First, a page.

The transplants in the rats in the control group took just fine with no immune system attack, the researchers report. The rats then produced their own insulin and gained weight, which they kept on throughout their lives.

"Every once in a while you get lucky, and now we have the possibility of transplanting these pig cells and not having to worry about rejection," says Dr. Mark Hammerman, a professor of renal medicine at the university and the study's leader.


Predictions of New SARS Outbreak Fall Short

Despite gloomy predictions that SARS would return to Asia with a vengeance during colder weather, only a handful of cases have been diagnosed in the past few months, the Voice of America reports.

While last year's epidemic infected 8,000 people globally and killed nearly 800, health officials say newly implemented preventive measures are now denying SARS a chance to spread. In contrast to the first go-round last year, when the causes of the deadly flu-like outbreaks were little understood, four cases diagnosed in China's Guangdong province since December were detected and isolated quickly.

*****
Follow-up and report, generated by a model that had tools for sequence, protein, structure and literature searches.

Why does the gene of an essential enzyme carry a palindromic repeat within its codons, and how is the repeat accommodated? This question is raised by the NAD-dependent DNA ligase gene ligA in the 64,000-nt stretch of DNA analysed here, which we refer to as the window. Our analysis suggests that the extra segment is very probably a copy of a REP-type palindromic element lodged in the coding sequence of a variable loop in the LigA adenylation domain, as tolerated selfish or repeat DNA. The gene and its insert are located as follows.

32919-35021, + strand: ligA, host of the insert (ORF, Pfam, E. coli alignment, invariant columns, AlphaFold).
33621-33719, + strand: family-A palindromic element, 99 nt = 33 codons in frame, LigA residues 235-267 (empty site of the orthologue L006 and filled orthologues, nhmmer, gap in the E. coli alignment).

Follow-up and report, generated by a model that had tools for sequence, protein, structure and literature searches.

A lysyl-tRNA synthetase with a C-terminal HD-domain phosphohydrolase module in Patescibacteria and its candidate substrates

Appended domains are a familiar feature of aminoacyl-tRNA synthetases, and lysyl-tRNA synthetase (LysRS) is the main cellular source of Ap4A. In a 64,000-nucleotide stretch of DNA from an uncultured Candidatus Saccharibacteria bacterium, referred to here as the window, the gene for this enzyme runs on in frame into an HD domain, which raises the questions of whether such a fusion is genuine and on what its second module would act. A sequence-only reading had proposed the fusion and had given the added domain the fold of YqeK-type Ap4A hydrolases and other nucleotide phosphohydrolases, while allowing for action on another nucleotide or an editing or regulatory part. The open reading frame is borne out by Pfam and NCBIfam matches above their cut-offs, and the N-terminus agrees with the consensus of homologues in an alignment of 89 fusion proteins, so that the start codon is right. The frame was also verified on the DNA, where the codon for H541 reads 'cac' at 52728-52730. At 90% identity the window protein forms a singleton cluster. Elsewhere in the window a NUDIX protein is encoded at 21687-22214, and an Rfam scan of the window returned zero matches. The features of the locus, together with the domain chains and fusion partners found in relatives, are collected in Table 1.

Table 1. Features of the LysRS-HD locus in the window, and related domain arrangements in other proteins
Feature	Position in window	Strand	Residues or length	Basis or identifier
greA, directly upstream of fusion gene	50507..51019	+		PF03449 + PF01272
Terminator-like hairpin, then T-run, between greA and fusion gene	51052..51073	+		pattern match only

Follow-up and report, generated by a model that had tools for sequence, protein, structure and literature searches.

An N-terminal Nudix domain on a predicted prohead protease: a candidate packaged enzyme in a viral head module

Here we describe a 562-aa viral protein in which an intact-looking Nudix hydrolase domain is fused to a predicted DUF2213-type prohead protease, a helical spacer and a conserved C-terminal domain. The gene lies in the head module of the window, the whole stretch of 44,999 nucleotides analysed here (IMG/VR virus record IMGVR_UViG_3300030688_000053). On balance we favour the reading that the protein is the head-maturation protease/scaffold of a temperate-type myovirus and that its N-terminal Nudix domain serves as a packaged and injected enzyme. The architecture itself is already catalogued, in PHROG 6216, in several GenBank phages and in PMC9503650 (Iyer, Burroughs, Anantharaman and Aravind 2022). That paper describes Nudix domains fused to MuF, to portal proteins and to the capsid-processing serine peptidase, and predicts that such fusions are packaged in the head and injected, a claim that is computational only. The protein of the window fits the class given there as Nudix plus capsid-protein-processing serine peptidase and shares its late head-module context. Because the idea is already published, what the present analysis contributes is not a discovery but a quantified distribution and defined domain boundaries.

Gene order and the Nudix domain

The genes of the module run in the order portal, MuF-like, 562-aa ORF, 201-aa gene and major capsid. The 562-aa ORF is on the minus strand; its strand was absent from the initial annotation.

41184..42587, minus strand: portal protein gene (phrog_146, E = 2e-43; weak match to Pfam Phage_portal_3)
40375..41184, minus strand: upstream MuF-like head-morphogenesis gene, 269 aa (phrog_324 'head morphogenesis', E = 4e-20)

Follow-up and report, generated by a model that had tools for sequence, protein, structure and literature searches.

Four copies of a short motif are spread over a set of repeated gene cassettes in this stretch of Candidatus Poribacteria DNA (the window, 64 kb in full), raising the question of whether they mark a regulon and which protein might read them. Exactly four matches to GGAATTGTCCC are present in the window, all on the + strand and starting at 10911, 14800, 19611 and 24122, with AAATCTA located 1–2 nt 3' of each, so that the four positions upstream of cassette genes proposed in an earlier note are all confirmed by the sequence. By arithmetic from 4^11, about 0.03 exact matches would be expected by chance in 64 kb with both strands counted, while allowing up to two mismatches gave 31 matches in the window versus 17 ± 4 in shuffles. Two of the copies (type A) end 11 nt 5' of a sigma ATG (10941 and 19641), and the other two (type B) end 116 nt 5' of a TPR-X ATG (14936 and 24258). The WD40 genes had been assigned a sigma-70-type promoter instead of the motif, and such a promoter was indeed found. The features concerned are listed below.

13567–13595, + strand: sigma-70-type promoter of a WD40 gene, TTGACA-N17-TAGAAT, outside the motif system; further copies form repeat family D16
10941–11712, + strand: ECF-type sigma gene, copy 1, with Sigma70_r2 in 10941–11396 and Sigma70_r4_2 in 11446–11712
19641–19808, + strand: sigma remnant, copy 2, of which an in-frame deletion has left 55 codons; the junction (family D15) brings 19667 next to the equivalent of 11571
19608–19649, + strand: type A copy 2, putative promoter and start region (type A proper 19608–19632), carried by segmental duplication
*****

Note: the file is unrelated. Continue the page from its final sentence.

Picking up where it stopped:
Some experts say that, in addition to better preventive measures, the SARS virus strain this year seems to be weaker. This year's patients were not as ill and recovered much faster than patients last year, the Voice of America says. Moreover, none of this year's patients appeared to pass the infection to other people, while last year's SARS victims each infected an average of two people, experts say.

While at least four strains of the virus were detected during the initial outbreak, it's too early to draw conclusions about this year's infections, health officials tell the radio network.


FDA: New Bar Code Rule Will Cut Down on Drug Errors

The U.S. Food and Drug Administration says it will soon require bar codes on thousands of drugs and biological products that could prevent hundreds of thousands of medication errors.